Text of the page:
10. The system of claim 9 wherein the data analyzer is operative to determine the respective difference by determining a number bits that do not match between a bit pattern of the block of high-input-resolution input data and a bit pattern each respective high-output-resolution output pattern.
11. The system of claim 9 wherein the data analyzer is operative to determine the respective difference by determining one of a sum of magnitudes of differences, a sum of squares of differences and a root mean square of differences between respective contone, multi-gray level or high-addressable quantization values of the received block of high-input-resolution input data and respective contone, multi-gray level or high-addressable quantization values of each respective high-output-resolution output pattern.
12. The system of claim 9 wherein the data analyzer is operative to determine the respective difference by determining a number of area portions that do not match between an area pattern of the received block of high-input-resolution input data and an area patterns of each respective high-output-resolution output pattern.
13. The system of claim 9 wherein the block selector is operative to select a respective high-output-resolution output pattern associated with a lowest respective difference and a most favorable rating in a second characteristic to be a representative high-output-resolution output pattern for the received block of high-input-resolution input data.
14. The system of claim 13 wherein the block selector is operative to select a respective high-output-resolution output pattern associated with the lowest difference and a highest level of compactness.
15. The system of claim 9 further comprising:
a rendering device that is operative to receive the encoded block of data, decode the encoded block of data, thereby generating a decoded block of data and render an image portion according to the decoded block of data.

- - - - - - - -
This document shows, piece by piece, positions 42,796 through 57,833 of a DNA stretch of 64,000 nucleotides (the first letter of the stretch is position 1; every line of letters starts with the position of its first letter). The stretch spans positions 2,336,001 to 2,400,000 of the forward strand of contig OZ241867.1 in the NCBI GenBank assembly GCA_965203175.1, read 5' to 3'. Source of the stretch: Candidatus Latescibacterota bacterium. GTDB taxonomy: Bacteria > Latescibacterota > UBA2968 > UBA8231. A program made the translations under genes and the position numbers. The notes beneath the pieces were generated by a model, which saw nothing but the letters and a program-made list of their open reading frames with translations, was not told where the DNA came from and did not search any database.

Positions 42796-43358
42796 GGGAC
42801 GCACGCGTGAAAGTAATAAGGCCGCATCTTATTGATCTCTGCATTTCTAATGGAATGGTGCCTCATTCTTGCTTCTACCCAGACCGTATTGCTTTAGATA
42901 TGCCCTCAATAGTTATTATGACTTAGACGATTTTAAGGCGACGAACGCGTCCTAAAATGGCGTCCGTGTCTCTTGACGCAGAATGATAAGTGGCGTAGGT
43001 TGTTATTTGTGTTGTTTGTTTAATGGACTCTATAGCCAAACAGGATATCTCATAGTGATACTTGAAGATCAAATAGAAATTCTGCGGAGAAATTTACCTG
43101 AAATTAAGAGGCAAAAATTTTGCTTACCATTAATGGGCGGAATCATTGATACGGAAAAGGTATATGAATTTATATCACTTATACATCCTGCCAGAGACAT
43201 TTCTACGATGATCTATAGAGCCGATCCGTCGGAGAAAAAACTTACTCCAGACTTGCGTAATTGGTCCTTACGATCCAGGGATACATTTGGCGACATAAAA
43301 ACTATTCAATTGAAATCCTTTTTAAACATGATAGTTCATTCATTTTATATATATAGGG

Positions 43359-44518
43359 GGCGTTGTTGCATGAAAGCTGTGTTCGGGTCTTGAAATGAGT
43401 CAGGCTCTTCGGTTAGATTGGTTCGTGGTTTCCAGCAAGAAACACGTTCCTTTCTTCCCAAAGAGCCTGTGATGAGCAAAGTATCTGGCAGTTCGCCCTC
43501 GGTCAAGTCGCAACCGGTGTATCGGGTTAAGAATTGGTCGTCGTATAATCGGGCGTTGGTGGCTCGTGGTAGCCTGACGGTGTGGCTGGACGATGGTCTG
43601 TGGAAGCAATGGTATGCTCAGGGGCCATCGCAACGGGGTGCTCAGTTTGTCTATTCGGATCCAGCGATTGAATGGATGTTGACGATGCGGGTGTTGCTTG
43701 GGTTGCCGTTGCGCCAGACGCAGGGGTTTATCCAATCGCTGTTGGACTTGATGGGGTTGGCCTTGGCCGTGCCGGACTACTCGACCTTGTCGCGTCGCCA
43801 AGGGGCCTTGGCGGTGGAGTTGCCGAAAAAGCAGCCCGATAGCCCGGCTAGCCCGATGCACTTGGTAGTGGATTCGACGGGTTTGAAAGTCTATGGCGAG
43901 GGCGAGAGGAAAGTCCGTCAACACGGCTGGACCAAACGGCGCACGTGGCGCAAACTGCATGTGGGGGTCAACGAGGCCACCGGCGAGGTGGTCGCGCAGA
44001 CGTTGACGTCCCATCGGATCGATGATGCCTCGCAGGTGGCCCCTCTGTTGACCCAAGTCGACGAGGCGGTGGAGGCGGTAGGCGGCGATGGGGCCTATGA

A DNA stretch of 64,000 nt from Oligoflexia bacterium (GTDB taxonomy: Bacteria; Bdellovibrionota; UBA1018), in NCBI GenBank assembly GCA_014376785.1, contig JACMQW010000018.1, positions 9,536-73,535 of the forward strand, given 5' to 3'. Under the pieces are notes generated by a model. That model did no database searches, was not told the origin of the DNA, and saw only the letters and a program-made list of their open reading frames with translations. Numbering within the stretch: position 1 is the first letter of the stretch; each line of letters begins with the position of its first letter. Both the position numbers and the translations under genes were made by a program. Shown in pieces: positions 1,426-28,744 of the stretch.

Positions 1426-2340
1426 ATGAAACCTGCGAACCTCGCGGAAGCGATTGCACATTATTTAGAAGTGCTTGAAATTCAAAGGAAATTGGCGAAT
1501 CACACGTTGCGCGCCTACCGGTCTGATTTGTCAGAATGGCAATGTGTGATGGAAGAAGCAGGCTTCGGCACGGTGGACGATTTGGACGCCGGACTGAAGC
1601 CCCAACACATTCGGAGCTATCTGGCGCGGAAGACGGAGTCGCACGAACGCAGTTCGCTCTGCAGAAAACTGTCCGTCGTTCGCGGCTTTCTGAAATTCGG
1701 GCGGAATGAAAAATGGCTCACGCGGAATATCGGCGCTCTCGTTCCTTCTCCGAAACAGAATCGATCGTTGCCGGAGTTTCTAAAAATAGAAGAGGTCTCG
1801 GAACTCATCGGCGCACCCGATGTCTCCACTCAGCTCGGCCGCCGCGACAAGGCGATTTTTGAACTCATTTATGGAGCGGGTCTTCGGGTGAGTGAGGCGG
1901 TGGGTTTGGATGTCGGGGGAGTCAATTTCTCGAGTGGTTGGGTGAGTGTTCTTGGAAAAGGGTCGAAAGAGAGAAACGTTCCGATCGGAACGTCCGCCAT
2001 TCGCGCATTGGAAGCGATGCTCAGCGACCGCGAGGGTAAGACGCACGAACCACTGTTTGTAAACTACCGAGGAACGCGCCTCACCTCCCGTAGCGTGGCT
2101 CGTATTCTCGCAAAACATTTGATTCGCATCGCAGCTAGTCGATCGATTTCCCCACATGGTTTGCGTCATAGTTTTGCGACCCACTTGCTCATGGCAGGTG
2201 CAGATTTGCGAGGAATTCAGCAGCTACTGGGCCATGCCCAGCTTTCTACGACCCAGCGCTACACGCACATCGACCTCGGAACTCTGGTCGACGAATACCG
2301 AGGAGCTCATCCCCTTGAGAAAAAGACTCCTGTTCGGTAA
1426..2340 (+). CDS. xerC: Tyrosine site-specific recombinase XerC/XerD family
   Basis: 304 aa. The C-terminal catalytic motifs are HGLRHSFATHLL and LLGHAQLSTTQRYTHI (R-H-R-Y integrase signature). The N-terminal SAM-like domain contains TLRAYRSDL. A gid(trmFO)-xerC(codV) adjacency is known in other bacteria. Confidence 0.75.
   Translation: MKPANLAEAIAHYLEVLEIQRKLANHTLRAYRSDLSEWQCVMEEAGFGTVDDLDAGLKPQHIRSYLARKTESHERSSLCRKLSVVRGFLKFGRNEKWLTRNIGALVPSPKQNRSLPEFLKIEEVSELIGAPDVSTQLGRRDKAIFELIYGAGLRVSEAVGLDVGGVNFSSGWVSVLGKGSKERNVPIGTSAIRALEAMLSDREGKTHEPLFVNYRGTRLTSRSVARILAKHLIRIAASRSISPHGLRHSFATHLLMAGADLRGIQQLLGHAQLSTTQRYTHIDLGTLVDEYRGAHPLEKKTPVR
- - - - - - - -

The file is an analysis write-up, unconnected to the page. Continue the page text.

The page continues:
16. The system of claim 15 wherein the rendering device comprises:
a xerographic print engine.
17. A method for encoding input data having an input resolution to an encoded form having an encoded resolution, the method comprising:
predefining a plurality of respective output-resolution output patterns;
associating the respective output-resolution output patterns with respective encoded resolution encoded patterns, wherein the encoded resolution is lower than both the input resolution and the output resolution;
receiving input-resolution input data;
determining one of a number bits that do not match between a bit pattern of the input-resolution input data and a bit pattern of each respective output-resolution output pattern, a number of area portions that do not match between an area pattern of the input-resolution input data and an area pattern of each respective output-resolution output pattern, a sum of magnitudes of differences, a sum of squares of differences and a root mean square of differences between respective contone, multi-gray level or quantization values of the received block of input-resolution input data and respective contone, multi-gray level, or high-addressable quantization values of each output-resolution output pattern, thereby determining a respective difference between a pattern of the input-resolution input data and each of the respective output-resolution output patterns;